When Bill Woford discovered homeopathy as an alternate approach to medical treatment at age 65, he ultimately discovered a new purpose for his retirement years, too.
Now 77, Woford is a committed practitioner in the field and has even written a book on the subject that outlines a quicker way to identify the right remedy for a chronic disease—without the use of prescription drugs.
“Why I was given this discovery, I’ll never know,” Woford said. “I just have to accept it.”
He admits that homeopathy is not a widely understood approach to medicine.
“A lot of people tell me, ‘Oh, it’s herbs,’” Woford said. “But it’s the furthest thing from herbs you ever saw. We do make some remedies out of herbs, but really, it’s a medicine that matches the symptoms of the natural illness.
“The universal law says that when two illnesses are in the body at the same time, they annihilate each other: ‘Like cures like.’ That’s what it’s all about.”
Woford said he always had an interest in natural health, but he waited until he retired from his career as flight instructor to pursue the topic.
“I didn’t know anything about homeopathy,” he said. “I just was interested in natural health.”
Living in southern Oklahoma at the time, Woford enrolled in a distance-learning program through Clayton College of Natural Health in Birmingham, Ala.
The first course they sent him was in homeopathy.
“I couldn’t even spell it, let along pronounce it,” Woford said. “But when I started studying it, I just fell in love with it. I was sort of a natural to it, you might say. I wrote my master’s thesis on homeopathy and got a good grade on it.”
He earned his master’s in natural health through Clayton and has a diploma in homeopathy from the Hahnemann Academy of North America, which is named after Samuel Hahnemann, who discovered homeopathy in the late 1700s.
When Woford makes the case for the effectiveness of homeopathy, he points to himself as proof. He said he used that approach to cure the chronic disease that had expressed itself in asthma and emphysema.
“I annihilated my acute illness of asthma and emphysema—it got me off of prescription drugs so I was whole again,” he said.
Though he doesn’t actively promote his homeopathic practice—he said most of his patients have come by word of mouth—Woford can cite several other success cases, including one patient who had suffered with coryza (annual hay fever) for 25 years, and a 48-year-old male who, due to alcohol, was facing the liklihood of a liver transplant.
“After the first dose of his ‘Perfect Homeopathic Medicine,’ in a LM1 potency, he is getting nothing but good improvement, showing all positive signs that in about three months he will be cured,” Woford said.
How does homeopathy work?
Woford said every person is born with one of seven inherited “miasms”—a predisposition to a specific disease. It can remain dormant throughout a lifetime.
“We also have acquired miasms, but mainly it’s the inherited one that causes all the problems,” he said. “When it’s triggered, it causes a chronic disease. The chronic disease pushes up the acute ills, such as asthma, exzema, autism, hypertension and other kinds of illnesses.”
The job of the homeopathic practitioner, then, is to find the right natural remedy for an individual so that it mimics the symptoms of the illness, relying on the universal law: that two illnesses will annihilate each other, resulting in a cure.
“What we have to do is find that needle in a haystack—we have to match the symptoms that the remedy puts out to the symptoms of the natural illness,” Woford said.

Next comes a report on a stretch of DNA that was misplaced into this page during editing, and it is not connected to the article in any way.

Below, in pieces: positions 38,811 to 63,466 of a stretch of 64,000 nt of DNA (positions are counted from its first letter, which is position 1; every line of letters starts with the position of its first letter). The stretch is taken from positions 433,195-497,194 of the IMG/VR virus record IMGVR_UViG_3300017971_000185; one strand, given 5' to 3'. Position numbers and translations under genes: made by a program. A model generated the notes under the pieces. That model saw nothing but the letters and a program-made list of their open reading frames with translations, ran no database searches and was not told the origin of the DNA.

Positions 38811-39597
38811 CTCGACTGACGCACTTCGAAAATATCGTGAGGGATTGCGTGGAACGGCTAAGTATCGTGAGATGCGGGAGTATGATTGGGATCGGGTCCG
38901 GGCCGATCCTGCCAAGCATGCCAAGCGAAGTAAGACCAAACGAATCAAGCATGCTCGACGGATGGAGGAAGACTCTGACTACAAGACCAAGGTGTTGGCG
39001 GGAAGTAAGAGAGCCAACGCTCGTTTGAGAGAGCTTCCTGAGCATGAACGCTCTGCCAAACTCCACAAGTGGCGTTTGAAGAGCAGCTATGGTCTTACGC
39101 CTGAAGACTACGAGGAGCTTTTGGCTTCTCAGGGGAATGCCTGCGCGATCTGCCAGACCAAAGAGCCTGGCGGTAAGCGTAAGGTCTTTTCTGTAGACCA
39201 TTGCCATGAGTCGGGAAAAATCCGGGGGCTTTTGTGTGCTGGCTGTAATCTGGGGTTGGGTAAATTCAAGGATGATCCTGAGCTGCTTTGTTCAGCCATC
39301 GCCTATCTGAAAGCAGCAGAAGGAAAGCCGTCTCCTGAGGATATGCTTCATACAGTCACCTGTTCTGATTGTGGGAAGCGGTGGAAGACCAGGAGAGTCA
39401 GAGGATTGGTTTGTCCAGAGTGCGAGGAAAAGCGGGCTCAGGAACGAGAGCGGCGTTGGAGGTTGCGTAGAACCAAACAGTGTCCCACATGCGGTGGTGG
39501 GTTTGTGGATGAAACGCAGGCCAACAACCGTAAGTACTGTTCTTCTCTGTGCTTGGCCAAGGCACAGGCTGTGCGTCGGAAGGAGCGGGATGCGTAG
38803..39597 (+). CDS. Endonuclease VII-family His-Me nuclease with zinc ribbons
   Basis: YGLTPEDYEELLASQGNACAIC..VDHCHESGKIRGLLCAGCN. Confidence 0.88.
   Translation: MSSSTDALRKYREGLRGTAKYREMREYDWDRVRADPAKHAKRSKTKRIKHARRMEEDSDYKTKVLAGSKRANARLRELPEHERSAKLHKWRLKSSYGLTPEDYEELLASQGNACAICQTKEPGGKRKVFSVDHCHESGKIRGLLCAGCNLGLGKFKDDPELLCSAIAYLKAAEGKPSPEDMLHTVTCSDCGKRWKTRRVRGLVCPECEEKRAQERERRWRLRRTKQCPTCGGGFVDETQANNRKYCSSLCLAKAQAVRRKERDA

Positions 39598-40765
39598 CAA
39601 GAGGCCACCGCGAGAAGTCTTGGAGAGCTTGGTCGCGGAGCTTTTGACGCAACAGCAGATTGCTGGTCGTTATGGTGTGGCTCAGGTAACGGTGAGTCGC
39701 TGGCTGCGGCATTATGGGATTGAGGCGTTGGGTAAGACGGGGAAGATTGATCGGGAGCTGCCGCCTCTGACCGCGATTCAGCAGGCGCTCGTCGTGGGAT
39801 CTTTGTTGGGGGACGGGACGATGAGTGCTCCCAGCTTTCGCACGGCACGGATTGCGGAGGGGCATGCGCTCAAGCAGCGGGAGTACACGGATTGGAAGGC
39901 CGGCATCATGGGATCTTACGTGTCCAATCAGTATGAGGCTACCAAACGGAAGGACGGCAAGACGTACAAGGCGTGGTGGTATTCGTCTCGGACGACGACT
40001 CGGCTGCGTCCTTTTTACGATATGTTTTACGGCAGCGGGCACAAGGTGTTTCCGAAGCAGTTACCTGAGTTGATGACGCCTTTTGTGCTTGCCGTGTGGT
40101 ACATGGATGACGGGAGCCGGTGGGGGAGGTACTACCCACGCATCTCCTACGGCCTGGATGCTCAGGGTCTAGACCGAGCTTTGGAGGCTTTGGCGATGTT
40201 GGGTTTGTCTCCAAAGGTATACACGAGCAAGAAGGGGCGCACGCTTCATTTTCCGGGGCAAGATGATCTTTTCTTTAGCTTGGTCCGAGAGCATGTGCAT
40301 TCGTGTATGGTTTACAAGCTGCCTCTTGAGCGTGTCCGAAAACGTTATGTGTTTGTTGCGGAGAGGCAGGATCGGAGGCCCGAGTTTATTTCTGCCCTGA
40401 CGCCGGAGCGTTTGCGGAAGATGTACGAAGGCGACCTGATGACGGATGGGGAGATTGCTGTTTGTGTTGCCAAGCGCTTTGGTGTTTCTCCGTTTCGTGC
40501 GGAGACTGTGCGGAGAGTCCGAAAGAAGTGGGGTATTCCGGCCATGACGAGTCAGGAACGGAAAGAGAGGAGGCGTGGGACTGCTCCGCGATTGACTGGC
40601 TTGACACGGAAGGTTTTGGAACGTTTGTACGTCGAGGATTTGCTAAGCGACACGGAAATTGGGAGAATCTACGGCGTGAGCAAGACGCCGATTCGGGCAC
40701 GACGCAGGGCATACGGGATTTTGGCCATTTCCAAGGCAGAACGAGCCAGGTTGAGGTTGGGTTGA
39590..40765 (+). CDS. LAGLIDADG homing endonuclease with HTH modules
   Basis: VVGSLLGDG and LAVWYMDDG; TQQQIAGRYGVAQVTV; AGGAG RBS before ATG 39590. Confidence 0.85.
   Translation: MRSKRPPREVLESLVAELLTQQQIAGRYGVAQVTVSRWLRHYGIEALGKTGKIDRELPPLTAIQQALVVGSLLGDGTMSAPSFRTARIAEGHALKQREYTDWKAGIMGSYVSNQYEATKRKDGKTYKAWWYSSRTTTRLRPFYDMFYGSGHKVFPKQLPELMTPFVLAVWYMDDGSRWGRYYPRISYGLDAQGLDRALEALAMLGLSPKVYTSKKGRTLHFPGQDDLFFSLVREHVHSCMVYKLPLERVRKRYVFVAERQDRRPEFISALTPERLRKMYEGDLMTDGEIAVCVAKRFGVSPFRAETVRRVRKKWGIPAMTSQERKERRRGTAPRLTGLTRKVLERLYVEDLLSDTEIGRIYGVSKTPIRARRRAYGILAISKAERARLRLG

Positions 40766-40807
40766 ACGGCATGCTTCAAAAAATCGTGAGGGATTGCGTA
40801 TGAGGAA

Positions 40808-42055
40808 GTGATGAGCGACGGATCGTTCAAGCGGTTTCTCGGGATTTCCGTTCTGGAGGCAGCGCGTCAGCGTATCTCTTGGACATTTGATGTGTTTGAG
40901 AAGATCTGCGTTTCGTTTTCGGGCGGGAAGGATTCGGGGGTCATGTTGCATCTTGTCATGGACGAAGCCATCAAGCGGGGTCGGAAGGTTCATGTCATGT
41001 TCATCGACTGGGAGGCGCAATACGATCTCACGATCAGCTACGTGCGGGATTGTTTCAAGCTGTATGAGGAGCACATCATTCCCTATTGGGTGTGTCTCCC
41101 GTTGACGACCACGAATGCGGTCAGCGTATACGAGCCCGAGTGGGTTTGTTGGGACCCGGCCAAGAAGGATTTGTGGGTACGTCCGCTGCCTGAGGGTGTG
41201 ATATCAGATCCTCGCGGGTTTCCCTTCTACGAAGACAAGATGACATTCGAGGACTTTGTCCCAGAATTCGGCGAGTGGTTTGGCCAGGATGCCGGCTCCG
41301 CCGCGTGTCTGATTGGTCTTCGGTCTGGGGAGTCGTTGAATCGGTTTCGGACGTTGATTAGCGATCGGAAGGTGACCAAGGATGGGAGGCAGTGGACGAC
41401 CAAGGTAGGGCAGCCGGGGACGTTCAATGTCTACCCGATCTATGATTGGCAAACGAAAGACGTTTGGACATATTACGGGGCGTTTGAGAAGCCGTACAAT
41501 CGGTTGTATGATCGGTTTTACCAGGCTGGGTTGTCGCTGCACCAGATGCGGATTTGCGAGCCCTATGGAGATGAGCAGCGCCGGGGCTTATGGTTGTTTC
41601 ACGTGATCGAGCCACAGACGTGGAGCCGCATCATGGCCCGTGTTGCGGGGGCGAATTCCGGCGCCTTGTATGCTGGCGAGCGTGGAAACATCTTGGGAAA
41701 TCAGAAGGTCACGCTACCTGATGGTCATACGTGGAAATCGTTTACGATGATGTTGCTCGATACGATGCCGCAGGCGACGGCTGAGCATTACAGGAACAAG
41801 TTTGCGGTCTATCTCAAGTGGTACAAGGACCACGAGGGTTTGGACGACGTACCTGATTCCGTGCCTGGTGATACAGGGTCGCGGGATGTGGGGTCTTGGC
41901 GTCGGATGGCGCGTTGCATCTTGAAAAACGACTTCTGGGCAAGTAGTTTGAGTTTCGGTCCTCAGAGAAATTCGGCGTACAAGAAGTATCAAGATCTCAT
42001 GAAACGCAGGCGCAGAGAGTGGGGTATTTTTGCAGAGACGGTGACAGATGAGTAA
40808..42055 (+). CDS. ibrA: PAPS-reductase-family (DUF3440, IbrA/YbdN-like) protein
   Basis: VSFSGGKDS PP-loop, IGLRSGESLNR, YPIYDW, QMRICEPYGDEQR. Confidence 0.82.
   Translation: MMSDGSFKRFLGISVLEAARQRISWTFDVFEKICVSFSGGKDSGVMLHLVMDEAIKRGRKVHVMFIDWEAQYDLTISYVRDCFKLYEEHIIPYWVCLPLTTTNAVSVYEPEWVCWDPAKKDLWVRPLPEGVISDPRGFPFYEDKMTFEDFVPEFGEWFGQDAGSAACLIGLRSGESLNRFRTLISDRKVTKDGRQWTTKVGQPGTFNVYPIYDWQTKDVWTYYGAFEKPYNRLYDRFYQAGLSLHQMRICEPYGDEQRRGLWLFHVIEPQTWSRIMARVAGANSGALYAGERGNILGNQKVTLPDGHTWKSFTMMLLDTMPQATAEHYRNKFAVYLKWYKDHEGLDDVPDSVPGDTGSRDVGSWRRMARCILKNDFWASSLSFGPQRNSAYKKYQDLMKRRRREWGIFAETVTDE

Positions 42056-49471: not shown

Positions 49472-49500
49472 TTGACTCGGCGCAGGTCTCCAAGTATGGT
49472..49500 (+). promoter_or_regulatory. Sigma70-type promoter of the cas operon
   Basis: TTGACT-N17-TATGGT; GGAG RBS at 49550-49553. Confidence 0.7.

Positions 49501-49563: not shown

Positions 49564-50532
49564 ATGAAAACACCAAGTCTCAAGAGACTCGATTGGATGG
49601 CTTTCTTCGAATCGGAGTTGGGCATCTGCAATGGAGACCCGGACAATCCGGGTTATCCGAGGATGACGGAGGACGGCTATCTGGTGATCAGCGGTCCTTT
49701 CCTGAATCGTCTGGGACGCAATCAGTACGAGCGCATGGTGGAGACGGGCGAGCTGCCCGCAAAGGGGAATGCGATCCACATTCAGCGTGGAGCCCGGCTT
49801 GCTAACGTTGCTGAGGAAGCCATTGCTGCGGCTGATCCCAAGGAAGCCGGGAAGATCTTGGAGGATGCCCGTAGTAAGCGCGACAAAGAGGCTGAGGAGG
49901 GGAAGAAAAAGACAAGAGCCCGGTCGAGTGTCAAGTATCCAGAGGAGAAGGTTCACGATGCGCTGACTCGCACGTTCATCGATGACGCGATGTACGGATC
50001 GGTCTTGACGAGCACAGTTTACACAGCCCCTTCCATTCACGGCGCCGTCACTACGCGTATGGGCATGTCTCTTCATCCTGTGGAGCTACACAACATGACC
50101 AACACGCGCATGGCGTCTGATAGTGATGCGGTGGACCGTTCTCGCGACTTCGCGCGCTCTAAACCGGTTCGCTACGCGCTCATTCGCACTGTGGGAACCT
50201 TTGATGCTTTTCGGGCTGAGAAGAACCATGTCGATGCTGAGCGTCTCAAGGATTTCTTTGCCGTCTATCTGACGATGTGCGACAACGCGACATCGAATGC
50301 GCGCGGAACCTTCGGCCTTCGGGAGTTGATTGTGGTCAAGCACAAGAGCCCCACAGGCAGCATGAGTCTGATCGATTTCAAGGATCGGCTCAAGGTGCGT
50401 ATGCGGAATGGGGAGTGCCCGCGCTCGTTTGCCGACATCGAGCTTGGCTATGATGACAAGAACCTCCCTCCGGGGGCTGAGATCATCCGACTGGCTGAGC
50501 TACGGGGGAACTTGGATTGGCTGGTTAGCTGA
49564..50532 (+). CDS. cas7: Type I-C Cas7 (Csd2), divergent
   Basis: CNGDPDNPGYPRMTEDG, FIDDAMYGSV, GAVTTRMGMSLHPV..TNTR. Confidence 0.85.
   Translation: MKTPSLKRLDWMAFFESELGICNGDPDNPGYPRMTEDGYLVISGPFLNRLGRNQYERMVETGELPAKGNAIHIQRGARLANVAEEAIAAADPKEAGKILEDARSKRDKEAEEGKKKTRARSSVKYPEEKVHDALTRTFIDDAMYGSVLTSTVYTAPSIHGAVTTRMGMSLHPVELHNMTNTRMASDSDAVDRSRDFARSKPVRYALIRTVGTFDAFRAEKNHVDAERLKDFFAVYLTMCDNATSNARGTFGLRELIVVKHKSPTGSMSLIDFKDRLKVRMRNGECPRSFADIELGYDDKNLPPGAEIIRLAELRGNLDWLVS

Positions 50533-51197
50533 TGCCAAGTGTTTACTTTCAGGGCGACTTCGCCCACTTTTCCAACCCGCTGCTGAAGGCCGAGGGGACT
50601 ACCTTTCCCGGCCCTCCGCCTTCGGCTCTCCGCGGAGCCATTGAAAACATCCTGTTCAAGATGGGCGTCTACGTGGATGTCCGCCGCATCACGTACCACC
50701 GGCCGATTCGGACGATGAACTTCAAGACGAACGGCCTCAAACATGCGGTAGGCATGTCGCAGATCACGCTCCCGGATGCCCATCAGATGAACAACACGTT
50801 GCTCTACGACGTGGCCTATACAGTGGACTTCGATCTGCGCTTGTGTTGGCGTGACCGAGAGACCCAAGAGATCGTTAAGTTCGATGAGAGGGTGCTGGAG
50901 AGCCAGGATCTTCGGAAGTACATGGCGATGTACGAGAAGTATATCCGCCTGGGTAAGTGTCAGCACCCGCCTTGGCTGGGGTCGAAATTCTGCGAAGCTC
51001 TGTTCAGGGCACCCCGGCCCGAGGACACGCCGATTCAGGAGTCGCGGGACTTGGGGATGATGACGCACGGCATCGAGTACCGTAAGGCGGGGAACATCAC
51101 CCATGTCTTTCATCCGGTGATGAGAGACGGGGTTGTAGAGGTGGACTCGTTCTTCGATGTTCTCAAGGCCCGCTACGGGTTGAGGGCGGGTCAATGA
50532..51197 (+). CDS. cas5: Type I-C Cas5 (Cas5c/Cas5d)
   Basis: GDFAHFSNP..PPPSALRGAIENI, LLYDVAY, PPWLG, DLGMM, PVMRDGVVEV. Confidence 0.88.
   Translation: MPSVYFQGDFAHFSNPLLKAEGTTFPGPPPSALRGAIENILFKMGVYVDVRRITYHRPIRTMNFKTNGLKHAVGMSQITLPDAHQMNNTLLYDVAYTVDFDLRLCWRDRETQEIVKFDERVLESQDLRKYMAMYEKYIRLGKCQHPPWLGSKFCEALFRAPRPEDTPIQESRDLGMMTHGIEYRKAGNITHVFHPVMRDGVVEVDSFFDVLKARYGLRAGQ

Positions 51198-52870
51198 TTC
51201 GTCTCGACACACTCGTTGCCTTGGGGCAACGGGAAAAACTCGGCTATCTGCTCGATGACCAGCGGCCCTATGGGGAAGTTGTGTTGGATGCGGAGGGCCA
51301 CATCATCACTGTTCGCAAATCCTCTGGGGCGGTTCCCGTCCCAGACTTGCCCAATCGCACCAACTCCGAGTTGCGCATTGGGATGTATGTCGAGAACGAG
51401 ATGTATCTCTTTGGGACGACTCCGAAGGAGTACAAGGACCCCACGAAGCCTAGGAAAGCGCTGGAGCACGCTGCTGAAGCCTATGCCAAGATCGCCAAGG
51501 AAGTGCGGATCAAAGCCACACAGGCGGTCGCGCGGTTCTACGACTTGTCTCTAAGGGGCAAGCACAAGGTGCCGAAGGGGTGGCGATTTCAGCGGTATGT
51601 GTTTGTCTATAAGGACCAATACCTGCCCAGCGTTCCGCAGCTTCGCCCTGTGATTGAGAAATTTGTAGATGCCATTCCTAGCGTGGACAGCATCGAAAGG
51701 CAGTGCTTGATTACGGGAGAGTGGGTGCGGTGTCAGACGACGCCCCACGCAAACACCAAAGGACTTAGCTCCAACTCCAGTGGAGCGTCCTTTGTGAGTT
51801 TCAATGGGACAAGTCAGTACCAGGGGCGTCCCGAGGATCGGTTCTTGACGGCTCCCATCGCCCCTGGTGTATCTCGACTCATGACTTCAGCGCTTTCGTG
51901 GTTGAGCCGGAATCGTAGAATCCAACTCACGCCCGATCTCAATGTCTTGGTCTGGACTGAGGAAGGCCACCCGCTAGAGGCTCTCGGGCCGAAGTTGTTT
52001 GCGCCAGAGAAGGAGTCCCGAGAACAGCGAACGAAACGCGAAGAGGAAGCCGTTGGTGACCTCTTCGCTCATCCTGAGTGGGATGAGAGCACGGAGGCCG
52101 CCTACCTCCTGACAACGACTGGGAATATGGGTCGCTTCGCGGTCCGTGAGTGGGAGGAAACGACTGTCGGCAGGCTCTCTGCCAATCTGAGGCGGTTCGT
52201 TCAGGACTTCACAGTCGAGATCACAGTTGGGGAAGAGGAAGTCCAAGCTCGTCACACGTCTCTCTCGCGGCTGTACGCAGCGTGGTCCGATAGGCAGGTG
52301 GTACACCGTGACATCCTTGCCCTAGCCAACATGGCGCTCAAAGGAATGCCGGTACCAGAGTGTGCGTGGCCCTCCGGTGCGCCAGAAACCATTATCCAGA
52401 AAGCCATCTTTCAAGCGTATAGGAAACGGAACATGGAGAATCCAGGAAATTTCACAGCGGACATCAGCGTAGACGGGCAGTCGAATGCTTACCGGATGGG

One of the criticisms of homeopathy is that it can take a long time to find the right remedy for a particular patient.
That’s where Woford’s book comes in. He said he has devised a strategy that increases the success rate of a first prescription from the standard 60 to 65 percent to nearly 100 percent.
He calls his strategy “delusions and fears.”
“It’s my contention that everyone with a chronic disease has at least one delusion and one fear,” he said.
By cross-matching suggested remedies for a person’s particular combination of delusions and fears—found in a thick homeopathic source book—the commonly mentioned remedy emerges as the more effective one.
In his own case, Woford said he realized he had a recurring fear of things catching on fire, as well as a recurring delusion that thieves were in his house.
He looked up both in the source book, compared the remedies suggested for each, then settled on one that applied to both. Taken in the right potency, it cured him.
Woford has written about his discovery in “A Medicine that Cures,” a 200-page book published earlier this year by Tate Publishing & Enterprises, which describes itself as “a Christian-based, family-owned, mainline publishing organization with a mission to discover and market unknown authors.”
Woford said the book is just getting out into the homeopathic community, so it’s too early to know how it is being accepted.
If it catches on, Woford expects some resistance from practitioners of conventional medicine, who, Woford says, depend on the sales of prescription drugs to enhance profitability.
“The medical profession does a great job of keeping (homeopathy) clandestine,” Woford said. “They just don’t let people know about homeopathy because it threatens their profession.”
Journey to Hillsboro
Woford moved from southern Oklahoma to Hillsboro to be nearer to relatives. His oldest daughter lives in Peabody.
“We searched out several cities, and this was the right one,” he said. “It was a beautiful place.”
Woford said he intends to continue to be a homeopathy practitioner out of his home. While he’s not looking to expand his clientele— “At my age, I want a more private life, so I didn’t hang a shingle,” he said—he would welcome e-mail inquiries via his Web site: http://billwoford. tatepublishing.net.